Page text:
Looking for snow picture books? As a child of California, I grew up fascinated by snow. Earthquakes. Drought. El Niño Flooding. Forest Fires. I knew all about those. But snow? It was a magical, foreign concept to me. I never even had a winter coat until I moved to the east coast when I was 11. What was most fascinating part of snow? Snow days, of course. Whether stuck inside because of snow or celebrating the natural world, here is a list of 12 books perfect for reading together on snow days or all winter long.
Classic Snow Picture Books
The Snowman by Raymond Briggs
This wordless picture book shows how illustrations alone can tell a whole story. It was even made into a half hour animated show in 1982. These delightful, pencil crayon drawings show a young boy going on escapades with a snowman that’s come to life. They end with the snowman melting and the boy learning to mourn the loss and keep the memory of his friend alive.
Owl Moon by Jane Yolen and John Schoenherr
With sparse language and soft watercolor illustration, celebrated children’s book author Jane Yolen tells the story of a father and daughter walking through the woods looking for owls. In the still, snowy night the father calls “Whoo-whoo-whoo” into the silence. It’s a mystery whether or not an owl will call back. This book is a celebration of humans’ relationships with the natural world. It’s been a bedtime favorite for over 30 years!
The Snowy Day by Ezra Jack Keats
No list of snow picture books would be complete without this beloved winter classic. The bold shapes and colors bring readers a winter city landscape through the eyes of young Peter and his iconic snow suit. It was a groundbreaking book for being one of the first picture books featuring a Black child as a main character and refraining from using negative stereotypes popular in children’s literature at the time. Along with the Caldecott medal, it has the distinction of being the most checked out book in the New York Public Library’s 125 year history.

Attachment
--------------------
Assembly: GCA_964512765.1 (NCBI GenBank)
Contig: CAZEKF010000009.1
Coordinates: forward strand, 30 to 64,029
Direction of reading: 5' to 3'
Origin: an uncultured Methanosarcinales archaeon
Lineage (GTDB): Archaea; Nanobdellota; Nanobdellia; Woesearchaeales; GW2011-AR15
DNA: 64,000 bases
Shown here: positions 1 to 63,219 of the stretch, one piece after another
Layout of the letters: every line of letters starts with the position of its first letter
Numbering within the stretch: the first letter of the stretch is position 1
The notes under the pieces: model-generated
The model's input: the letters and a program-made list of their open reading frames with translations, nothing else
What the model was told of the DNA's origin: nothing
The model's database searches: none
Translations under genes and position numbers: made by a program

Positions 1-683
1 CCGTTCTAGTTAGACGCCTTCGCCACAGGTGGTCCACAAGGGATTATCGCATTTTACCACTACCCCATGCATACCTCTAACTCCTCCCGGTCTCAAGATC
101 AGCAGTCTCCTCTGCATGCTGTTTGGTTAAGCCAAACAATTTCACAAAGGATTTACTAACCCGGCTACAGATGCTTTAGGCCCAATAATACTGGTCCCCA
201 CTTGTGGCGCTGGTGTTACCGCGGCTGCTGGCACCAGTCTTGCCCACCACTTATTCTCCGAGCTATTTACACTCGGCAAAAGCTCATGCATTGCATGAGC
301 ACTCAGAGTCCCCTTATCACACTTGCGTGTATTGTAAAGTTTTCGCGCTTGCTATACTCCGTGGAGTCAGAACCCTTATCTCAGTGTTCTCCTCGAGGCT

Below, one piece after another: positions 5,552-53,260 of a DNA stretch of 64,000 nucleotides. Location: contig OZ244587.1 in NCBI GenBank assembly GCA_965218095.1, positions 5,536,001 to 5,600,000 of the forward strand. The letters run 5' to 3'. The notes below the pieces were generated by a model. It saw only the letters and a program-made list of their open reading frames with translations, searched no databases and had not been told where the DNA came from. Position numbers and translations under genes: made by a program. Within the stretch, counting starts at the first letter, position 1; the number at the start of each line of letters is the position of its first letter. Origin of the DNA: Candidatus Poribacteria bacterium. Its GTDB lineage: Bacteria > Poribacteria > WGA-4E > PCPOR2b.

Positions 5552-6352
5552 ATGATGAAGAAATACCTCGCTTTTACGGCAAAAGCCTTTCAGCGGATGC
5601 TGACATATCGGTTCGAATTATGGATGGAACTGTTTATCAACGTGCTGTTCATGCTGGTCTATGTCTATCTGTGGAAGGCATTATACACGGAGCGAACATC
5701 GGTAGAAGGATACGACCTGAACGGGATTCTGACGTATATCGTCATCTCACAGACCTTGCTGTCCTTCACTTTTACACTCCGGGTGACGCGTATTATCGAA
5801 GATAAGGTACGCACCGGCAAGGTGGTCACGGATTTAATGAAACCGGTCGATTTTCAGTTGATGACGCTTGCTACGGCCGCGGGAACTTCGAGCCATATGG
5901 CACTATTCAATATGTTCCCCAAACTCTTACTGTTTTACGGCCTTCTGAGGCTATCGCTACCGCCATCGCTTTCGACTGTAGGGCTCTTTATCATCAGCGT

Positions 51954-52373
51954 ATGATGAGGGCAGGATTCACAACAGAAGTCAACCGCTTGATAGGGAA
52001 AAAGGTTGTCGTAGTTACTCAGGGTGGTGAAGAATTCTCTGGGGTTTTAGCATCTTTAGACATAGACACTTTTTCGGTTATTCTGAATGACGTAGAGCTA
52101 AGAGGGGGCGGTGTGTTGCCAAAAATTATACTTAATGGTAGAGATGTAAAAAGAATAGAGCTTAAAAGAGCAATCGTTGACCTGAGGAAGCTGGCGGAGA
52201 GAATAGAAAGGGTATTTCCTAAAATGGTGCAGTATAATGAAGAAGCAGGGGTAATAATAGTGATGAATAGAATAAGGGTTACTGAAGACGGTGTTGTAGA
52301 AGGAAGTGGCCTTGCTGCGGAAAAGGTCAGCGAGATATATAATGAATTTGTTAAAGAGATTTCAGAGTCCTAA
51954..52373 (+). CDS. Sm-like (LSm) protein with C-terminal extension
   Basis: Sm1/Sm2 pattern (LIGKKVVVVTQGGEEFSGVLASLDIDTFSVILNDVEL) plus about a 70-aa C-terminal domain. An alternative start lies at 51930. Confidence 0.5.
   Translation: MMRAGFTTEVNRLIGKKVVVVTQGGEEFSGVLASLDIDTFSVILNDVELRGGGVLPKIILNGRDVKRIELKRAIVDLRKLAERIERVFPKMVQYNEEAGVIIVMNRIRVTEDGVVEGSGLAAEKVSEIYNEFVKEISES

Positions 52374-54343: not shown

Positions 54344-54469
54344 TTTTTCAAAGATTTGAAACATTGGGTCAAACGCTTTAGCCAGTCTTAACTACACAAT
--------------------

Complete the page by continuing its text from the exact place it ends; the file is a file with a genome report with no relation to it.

A Poem for Peter: The Story of Ezra Jack Keats and the Creation of The Snowy Day by Andrea Davis Pinkney, Steve Johnson, and Lou Fancher
This book (with a long title) doesn’t really belong in the classic snow picture books section. It was published in 2016! But I put it here because it makes such a nice pairing with its predecessor: The Snowy Day. Using poetic language, Andrea Davis Pinkney tells the story of Ezra Jack Keats’s life, starting as the child of Polish immigrants in New York City over 100 years ago. The story focuses on how his own experiences with being different and antisemitism lead him to create the character of Peter in his most iconic work. It also discusses how this character paved the way for more characters and creators of color. This book is a true celebration of Ezra Jack Keats. It’s also on the longer side, great for a long chunk of time or older elementary school kids to practice their reading.
Contemporary Snow Picture Books for Kids
Goodbye Autumn, Hello Winter by Kenard Park
A brother and sister take a walk, noticing the differences between autumn and winter. From leaves falling off the trees to birds flying south to winter flowers sprouting out of the ground, they say goodbye to fall and give each sign of the new season an enthusiastic “hello!”
Little Mole’s Wish by Sang-Keun Kim, Translated by Chi-Young Kim